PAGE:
While victims of workplace bullying may not currently have any legal recourse for bullying in and of itself, if the bullying is in any way related to a victim’s race, gender, national origin or religious affiliation, they do have legal recourse based on Title VII of the Civil Rights Act.
If a complaint was made to the business and no action was taken, it can open the business up to potential liability. This makes it in a business’ best interest to take accusations or complaints of bullying seriously. When an act of workplace bullying is reported there are three essential steps that must take place in order to conduct a proper investigation.
It is very important for employers to understand that no privilege is attached to workplace investigations unless they are conducted by legal counsel. Even then, privilege is very limited. What employers need to keep in mind is that it is important that they investigate any bullying complaints as a means of protecting themselves, but also that the same investigation could potentially expose them to liability. Remember that any evidence revealed by the investigation can be subpoenaed in a legal action.
Conducting an investigation in a timely fashion is critical in protecting against liability. The point is that at this stage, you don’t know what the investigation is going to reveal, but simply doing nothing will only increase your potential liability down the road. Once a complaint has been made, a thorough investigation needs to be conducted. It is also important at that time to ensure the alleged bully or bullies no longer have direct access to the complainant. In some cases, simply moving the complainant (if that is their wish) may solve the incident in their eyes, but a thorough investigation still needs to be conducted.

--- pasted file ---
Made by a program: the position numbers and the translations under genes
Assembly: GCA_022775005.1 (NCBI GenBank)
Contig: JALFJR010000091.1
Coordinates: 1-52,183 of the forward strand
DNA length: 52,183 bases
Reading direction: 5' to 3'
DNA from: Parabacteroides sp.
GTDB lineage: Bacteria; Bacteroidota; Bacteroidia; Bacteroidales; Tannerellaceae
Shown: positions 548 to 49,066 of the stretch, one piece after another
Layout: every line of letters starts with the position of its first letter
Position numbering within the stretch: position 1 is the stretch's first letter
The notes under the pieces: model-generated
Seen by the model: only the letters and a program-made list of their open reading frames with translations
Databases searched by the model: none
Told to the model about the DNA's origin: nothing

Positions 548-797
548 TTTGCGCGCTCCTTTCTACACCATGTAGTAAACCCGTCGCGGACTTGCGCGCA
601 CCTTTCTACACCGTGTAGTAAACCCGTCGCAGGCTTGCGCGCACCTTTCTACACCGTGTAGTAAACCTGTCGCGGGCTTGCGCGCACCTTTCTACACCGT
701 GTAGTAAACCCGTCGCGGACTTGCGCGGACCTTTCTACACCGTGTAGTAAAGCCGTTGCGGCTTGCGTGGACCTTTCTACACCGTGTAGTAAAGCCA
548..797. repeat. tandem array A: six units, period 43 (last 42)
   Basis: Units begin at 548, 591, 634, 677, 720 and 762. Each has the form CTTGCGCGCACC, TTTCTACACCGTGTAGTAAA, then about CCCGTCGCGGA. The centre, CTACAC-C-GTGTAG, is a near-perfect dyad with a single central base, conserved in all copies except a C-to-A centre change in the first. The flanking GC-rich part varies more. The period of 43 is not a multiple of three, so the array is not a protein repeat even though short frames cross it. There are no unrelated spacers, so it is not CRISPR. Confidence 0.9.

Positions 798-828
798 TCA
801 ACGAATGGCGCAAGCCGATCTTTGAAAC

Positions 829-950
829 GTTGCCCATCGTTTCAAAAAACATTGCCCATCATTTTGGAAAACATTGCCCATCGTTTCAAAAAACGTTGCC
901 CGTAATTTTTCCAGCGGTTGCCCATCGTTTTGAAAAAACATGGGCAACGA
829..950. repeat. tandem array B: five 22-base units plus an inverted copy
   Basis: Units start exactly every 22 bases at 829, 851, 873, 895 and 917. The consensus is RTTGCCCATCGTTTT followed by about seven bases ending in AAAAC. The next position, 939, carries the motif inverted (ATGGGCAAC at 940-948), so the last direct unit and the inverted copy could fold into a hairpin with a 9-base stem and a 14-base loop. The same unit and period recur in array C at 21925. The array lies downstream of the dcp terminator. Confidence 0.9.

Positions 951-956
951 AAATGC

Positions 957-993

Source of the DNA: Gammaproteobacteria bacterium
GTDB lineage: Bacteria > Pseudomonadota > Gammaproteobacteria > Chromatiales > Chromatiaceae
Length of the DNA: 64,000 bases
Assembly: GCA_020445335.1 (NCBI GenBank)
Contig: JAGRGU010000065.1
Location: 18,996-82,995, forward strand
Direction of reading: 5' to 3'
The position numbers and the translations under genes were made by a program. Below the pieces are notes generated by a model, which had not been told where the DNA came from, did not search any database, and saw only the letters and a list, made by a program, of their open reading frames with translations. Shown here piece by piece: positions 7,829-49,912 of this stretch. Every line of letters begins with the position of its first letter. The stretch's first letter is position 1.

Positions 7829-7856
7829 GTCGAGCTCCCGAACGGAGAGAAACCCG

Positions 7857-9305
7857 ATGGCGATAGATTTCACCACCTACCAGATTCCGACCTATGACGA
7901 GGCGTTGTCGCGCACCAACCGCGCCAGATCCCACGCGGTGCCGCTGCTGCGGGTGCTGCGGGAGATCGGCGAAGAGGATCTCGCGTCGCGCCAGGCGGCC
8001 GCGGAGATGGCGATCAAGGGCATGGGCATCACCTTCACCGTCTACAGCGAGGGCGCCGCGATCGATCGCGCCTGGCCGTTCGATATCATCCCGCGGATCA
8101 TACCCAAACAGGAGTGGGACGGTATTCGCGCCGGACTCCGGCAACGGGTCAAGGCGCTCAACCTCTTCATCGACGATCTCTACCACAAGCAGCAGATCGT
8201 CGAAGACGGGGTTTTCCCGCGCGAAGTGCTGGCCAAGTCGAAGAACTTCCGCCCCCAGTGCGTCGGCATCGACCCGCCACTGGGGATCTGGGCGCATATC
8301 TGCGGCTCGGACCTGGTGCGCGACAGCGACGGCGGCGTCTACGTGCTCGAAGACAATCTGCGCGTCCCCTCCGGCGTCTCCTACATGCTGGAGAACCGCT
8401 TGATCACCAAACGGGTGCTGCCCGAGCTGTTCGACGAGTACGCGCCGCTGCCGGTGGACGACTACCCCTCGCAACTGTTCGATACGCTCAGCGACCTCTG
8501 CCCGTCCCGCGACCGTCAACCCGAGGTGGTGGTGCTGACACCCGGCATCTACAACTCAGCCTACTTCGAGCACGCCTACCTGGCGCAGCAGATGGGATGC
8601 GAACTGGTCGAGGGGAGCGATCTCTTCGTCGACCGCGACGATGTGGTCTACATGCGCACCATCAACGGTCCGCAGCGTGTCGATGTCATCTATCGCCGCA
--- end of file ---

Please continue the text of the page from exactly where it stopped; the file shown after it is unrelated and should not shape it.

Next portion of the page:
Regardless of what the investigation reveals, it is highly important for a business to carefully consider their response. If no evidence of bullying was found, there needs to be a response to the complainant, but the complainant should also not be penalized for reporting. Just because no evidence was found does not mean their report was not factual, simply that appropriate evidence could not be found. If evidence was found, it needs to be determined whether it could be legally actionable as harassment against a protected class. From there, you can determine the appropriate course of action.